Texas families with kids need all the help they can get, according to the report, because 20 percent of the state's 7.4 million children live below the federal poverty line. Black and Hispanic children are three times more likely to fall below the poverty line than white or Asian kids, and nearly 40 percent of all families headed by single mothers live in poverty. Despite gains made since the passage of the Affordable Care Act, more than 670,000 Texas kids still don't have health insurance.
To make sure those kids have a fighting chance to succeed in Texas, the Legislature must act on a number of fronts, according to the report. While it is unlikely that Republicans would be willing to partner with Democrats to expand Medicaid, which could cover a significant portion of the state's uninsured kids, school finance, another area singled out by the report, is an area ripe for compromise.
State Rep. Dennis Bonnen, the presumed new speaker of the Texas House, said at his introductory press conference that his chamber will emphasize fixing Texas' school-financing system in 2019. According to the report, doing so is necessary so that the quality of schools a child attends isn't dependent on the values of surrounding properties.
"Because property wealth — and therefore school funding — varies quite a bit across Texas, the state provides funding to increase equity across districts," the report says. "However, the decline in state investment over the last decade has left local property taxes to cover the majority of public-school costs and increased inequity. This current distribution of education funding leaves students in districts with the lowest property wealth — disproportionately students of color — at a significant disadvantage in resources and outcomes."
It's essential, Democratic state Rep. Diego Bernal said Thursday in a presentation about the CPPP's report, that whatever deal gets struck in Austin does more than just use state money to lessen homeowners' property tax burdens, because it might be hard to get Republicans back to the table.
"[In] the current climate, where people fully understand the nexus between school finance and property taxes, that's a big issue," Bernal said. "My fear right now is that Texas will invest billions of dollars in public ed[ucation] but only for the purpose of lowering property taxes, not for improving education. Once they do that, the pressure's off and everybody walks away."
"My fear right now is that Texas will invest billions of dollars in public ed[ucation] but only for the purpose of lowering property taxes, not for improving education. Once they do that, the pressure's off and everybody walks away." — Diego Bernal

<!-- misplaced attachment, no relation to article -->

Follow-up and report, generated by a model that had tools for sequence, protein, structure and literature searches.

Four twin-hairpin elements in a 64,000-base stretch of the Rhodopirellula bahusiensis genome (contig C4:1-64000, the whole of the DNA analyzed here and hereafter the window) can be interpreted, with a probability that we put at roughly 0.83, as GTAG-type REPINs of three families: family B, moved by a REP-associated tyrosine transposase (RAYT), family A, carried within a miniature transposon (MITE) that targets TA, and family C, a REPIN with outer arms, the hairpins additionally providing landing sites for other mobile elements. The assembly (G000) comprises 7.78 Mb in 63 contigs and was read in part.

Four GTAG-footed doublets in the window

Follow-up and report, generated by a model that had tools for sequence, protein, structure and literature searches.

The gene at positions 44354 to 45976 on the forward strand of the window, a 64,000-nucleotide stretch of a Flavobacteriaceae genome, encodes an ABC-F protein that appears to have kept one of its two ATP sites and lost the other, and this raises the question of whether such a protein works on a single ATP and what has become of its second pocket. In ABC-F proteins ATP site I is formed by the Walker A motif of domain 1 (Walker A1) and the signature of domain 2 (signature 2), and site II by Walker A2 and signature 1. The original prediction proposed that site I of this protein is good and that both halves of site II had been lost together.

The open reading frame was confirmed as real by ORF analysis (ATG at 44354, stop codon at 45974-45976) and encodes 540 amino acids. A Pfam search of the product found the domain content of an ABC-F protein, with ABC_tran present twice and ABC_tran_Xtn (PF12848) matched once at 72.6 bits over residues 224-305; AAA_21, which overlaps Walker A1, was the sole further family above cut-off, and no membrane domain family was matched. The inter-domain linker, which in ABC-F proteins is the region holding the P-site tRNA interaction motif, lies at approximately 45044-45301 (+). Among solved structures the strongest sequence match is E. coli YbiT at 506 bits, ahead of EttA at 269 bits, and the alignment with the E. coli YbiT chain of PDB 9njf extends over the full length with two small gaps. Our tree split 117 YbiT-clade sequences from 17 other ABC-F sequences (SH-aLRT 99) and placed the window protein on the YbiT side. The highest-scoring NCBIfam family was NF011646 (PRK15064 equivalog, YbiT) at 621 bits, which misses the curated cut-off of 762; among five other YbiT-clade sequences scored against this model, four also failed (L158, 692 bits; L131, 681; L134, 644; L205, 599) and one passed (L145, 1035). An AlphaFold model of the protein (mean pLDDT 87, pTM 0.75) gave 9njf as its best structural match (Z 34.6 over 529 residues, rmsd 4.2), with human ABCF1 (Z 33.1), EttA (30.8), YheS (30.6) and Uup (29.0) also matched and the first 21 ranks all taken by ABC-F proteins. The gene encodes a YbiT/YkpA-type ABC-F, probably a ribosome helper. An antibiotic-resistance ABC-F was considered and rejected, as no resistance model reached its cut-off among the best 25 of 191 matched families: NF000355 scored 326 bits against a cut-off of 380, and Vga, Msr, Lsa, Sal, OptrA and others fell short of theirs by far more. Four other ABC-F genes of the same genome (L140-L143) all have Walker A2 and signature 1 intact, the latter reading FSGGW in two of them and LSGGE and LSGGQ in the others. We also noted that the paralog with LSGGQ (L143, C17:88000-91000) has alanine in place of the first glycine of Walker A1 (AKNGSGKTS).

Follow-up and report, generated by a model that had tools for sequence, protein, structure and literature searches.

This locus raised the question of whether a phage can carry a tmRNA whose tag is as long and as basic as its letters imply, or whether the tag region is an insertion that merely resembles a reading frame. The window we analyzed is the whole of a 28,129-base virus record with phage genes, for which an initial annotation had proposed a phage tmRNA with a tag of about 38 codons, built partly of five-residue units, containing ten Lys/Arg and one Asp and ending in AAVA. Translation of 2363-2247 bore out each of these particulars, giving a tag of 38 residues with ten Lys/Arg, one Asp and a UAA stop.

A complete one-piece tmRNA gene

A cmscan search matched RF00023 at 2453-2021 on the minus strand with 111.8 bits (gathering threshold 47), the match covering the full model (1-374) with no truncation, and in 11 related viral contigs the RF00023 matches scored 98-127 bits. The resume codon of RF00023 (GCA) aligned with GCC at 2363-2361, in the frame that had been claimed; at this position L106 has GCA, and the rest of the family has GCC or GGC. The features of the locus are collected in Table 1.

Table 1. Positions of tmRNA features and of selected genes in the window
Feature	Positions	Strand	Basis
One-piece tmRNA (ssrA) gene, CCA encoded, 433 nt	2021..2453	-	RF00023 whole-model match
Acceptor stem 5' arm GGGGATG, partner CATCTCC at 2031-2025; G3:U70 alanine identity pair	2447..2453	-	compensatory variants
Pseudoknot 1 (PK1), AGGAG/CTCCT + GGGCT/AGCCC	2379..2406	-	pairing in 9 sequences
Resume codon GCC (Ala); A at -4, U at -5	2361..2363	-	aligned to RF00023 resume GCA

The report also calls on the state to create Clean Count Committees to ensure that every Texas resident is counted in the 2020 census. For every one percent of the Texas population that isn't counted, the state could potentially lose $291 million in federal funding, according to the CPPP.
"If we don't have everybody counted, we're going to have to pay more to serve the same number of people," CPPP budget analyst Eva DeLuna Castro told the Observer earlier this year. "The formulas [for different federal programs] assume that a certain population size brings you a certain amount of money. ... Texas already has an undercount — we don't know how big it is. To make that even worse, it's just more and more money that we have to come up with here instead of getting federal help to pay for it."
There are more than 400,000 Dallas County residents on Medicaid, including more than 300,000 children. Fifty-one thousand more kids are covered by CHIP. The federal government picks up 58 percent of the cost of insuring Medicaid patients and 93 percent of the cost of insuring children on CHIP, but if fewer people who live in Texas answer their census questionnaires, the state will receive even less of the money than it should.
According to the new Kids Count Data Book from the Annie E. Casey Foundation, 30 percent of Texas kids already live in hard-to-count census tracts. Researchers at CPPP and around the country fear that the Trump administration's attempt to put a question about whether census respondents are U.S. citizens on the questionnaire will swell the ranks of those who aren't counted, because 25 percent of all children in Texas live with at least one non-citizen parent.
Friday, the U.S. Supreme Court agreed to hear a case about the proposed citizenship question in February.